What is a deferred sentence in Oklahoma and can it apply to an assault and battery case?

Answer:  A deferred sentence in Oklahoma is a type of probation usually extended to first-time offenders of most crimes. It does apply to assault battery, but it’s not always offered and it depends on the circumstances of the justice system in Oklahoma. Our incarceration rates are extremely high and they’re not always looking to put somebody in jail. However, they need tools in order to keep that from happening. But, yet still, rehabilitate what they consider to be offenders. So what they’ve come up with and what the state has come up with, is deferred sentence. Basically what it is, is you go in there and say, okay you need to either plead guilty to the charges, or no contest to the charges, whichever the case may be. But as part of your plea negotiation, the state says, okay if you’ll do these things, over this period of time—one year, two years, five years, even up to 10 years—in the state of Oklahoma, you can be on a deferred sentence. The court will not enter an adjudication of guilt. It appears as if they found you guilty, but you—but there is no finding of guilt. There is no conviction to the crime either, while you’re on probation, or if you’re successful after your probation is up. Instead what happens is, at the time of the plea, the defendant enters a guilty or no contest plea, whichever is able to be negotiated. The judge says, “Okay, I’m going to defer sentencing until whatever date, for whatever period of time.” Which means that that person is on probation for that period of time. During that time they have to do certain things. For example, with a DUI, they have to do a drug and alcohol assessment, DUI school, victim’s impact panel, potentially some community service, a judicial assessment of however much money in court costs and cost of incarceration.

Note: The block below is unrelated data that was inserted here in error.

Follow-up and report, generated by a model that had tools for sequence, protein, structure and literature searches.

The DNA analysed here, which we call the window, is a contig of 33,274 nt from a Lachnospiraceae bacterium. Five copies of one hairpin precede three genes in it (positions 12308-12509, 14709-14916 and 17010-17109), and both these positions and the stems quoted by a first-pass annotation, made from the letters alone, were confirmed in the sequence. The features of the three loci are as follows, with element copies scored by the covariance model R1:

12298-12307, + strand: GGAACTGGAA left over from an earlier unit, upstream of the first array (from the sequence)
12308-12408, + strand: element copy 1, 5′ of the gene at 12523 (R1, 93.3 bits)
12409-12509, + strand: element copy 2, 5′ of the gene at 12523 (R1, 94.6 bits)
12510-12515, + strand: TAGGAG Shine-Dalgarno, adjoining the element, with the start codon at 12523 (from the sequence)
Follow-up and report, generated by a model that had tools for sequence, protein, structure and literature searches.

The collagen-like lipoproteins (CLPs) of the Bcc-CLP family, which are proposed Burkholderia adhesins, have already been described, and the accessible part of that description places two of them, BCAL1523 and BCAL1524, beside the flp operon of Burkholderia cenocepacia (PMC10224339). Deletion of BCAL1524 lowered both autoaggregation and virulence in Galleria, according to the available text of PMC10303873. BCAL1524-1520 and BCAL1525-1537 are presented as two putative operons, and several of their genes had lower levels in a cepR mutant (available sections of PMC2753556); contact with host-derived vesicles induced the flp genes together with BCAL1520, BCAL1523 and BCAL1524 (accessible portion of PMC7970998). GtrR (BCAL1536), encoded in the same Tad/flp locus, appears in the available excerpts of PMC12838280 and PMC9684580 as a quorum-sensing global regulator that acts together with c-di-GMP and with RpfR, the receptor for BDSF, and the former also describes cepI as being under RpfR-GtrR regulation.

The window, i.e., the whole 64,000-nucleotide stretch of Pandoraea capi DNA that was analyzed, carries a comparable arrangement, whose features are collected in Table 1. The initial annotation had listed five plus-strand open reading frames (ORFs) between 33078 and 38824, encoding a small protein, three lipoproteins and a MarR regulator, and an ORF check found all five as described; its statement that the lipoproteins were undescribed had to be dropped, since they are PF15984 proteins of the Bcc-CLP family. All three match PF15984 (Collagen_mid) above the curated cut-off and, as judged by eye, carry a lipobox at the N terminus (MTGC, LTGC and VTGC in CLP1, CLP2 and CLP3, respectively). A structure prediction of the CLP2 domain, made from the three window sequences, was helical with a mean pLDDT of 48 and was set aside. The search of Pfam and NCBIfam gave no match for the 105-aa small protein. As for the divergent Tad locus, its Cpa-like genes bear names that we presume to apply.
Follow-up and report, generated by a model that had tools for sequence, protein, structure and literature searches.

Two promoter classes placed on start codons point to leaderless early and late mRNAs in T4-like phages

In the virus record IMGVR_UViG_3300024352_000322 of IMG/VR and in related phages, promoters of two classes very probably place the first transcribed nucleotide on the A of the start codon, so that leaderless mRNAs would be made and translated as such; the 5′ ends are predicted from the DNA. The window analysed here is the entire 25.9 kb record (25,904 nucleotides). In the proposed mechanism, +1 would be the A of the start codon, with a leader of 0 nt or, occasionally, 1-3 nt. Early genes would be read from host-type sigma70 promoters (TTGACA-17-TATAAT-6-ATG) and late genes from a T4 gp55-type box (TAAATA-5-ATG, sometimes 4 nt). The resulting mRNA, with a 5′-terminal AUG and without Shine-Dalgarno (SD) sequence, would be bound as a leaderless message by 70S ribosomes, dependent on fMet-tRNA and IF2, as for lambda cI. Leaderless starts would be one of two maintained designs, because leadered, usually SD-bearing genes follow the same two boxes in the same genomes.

With an assault battery, it could be an anger management class that they have to complete. But once they complete all of that and they pay all their fees and court costs and everything, as long as they’re in compliance, then when the date that their deferred sentence is over with, in some cases—in many cases in Oklahoma—the defendant does not have to reappear. The court automatically withdraws their plea of no contest or guilty, reenters a plea of not guilty for the defendant, and dismisses the charges. So there’s no, there’s never a conviction that appears on the books for that particular charge. What is nice about that, as far as most people are concerned, is on a true first offender, especially a young adult or young teenager, or whatever, is that upon completion of a deferred sentence, they may then be eligible for an expungement. Whereby they can get their arrest records sealed, and their court records sealed where the general public cannot go out and search that person and find a conviction on them. It truly gives the individual or the defendant a second chance, if you will, of being a productive citizen of society. In all those instances, though, even if they qualify for the expungement, due to a deferred sentence, the law enforcement will always be able to see it.

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